After the Bucs' offense scored 21, 41 and 31 in their first three regular season games last year, the defense let their guard down. The offense stalled soon after that and the defense was never able to recapture the flare they had possessed the year before.
But after watching the offensivless, but defensive powerhouse Baltimore Ravens win the Super Bowl in Tampa Bay's own backyard last January, Dungy's message is coming across to his players as loud as ever. On Sunday, Tampa Bay's field of dreams will be in Dallas. If they stop the run, wins will come.
"That's our philosophy, period," said Bucs' MLB Jamie Duncan. "No matter who we are playing, we try to stop the run to get people in passing situations so we can tee off with our front four and bring out blitz packages.
"This is how our team is built. Ever since I have been here, the number one focus has been stopping the run. We greatly increase our chances of winning when we are stout against the run. Stopping the run is our number one goal week in and week out."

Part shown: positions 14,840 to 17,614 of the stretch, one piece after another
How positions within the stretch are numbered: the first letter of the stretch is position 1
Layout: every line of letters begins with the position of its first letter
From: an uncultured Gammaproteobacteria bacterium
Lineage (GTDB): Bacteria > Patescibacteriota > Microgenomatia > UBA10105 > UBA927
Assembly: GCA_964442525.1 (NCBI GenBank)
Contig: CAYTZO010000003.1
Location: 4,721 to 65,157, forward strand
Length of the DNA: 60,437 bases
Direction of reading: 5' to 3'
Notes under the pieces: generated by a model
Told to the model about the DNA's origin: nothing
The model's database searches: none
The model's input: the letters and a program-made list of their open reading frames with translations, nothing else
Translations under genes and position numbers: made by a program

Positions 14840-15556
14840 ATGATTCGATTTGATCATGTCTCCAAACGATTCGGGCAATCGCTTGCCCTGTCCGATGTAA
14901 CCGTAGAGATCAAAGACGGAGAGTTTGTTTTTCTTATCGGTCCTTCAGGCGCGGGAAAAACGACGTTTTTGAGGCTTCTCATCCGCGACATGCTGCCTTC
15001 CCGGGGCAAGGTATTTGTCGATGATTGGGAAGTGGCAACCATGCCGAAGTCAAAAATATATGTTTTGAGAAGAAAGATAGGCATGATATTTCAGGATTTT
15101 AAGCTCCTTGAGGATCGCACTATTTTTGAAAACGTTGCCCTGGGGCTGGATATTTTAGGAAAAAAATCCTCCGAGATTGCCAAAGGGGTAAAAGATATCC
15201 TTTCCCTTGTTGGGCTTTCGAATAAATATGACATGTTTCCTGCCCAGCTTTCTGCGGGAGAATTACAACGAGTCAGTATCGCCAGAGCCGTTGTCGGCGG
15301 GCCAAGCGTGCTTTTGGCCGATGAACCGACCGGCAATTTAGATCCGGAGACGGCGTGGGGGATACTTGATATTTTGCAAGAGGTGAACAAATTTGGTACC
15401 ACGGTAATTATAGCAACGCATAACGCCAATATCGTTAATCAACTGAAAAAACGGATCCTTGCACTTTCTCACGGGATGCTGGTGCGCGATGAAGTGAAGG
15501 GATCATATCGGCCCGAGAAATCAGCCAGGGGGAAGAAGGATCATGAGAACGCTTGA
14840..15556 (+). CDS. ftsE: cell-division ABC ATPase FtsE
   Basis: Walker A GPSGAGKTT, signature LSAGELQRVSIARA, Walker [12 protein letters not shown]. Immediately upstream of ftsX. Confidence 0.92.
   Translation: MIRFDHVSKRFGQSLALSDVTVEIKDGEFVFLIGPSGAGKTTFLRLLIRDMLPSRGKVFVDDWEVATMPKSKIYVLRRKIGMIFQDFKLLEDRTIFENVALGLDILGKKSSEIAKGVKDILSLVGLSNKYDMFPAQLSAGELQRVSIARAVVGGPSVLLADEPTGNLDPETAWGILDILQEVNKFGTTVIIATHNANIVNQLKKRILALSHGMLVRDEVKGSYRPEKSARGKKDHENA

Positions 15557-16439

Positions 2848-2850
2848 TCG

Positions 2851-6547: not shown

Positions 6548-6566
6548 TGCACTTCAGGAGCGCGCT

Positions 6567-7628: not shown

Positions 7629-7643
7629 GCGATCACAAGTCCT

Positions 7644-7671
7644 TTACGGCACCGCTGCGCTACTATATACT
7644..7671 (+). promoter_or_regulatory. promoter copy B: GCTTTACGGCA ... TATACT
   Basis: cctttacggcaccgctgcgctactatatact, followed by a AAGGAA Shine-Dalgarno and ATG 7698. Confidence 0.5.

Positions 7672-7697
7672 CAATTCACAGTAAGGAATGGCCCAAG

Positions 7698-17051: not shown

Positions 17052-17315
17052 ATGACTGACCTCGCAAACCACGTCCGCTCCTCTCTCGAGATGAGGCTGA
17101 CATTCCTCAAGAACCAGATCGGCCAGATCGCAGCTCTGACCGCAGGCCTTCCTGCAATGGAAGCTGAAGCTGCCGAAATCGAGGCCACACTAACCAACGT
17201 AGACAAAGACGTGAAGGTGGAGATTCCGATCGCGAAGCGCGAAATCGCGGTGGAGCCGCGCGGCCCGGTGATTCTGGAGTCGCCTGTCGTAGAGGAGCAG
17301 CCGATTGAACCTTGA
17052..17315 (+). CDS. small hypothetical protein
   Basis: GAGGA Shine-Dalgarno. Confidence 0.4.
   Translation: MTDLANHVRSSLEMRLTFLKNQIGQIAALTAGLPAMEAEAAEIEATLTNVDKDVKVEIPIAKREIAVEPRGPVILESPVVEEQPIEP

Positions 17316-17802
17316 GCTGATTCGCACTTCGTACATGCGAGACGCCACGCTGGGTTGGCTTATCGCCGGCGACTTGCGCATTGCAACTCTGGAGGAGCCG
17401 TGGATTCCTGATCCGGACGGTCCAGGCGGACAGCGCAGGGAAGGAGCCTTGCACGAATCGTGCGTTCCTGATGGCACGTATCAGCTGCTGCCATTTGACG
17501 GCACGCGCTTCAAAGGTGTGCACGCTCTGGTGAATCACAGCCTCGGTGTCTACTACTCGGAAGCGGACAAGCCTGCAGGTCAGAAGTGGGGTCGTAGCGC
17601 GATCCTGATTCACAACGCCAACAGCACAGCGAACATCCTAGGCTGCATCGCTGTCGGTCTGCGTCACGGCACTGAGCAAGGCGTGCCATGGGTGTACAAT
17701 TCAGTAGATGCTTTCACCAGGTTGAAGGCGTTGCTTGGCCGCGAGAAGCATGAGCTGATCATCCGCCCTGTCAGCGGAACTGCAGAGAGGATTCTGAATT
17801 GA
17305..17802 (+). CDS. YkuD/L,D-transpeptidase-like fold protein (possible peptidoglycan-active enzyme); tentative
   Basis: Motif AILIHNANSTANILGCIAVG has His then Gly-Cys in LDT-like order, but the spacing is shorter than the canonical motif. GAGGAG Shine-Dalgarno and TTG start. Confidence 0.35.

Supporting Dungy's message are some pretty telling statistics. The last six teams that have reached the Super Bowl have all finished ranked third or higher in run defense. Pro Bowl SS John Lynch has no problem buying into Dungy's philosophy.
"That stat jumps out right at you," said Lynch. "No one illustrated that better than Baltimore last year and I think that kind of inspires us and probably other defenses around the league. It's shows you that it can be done and it emphasizes it a little more."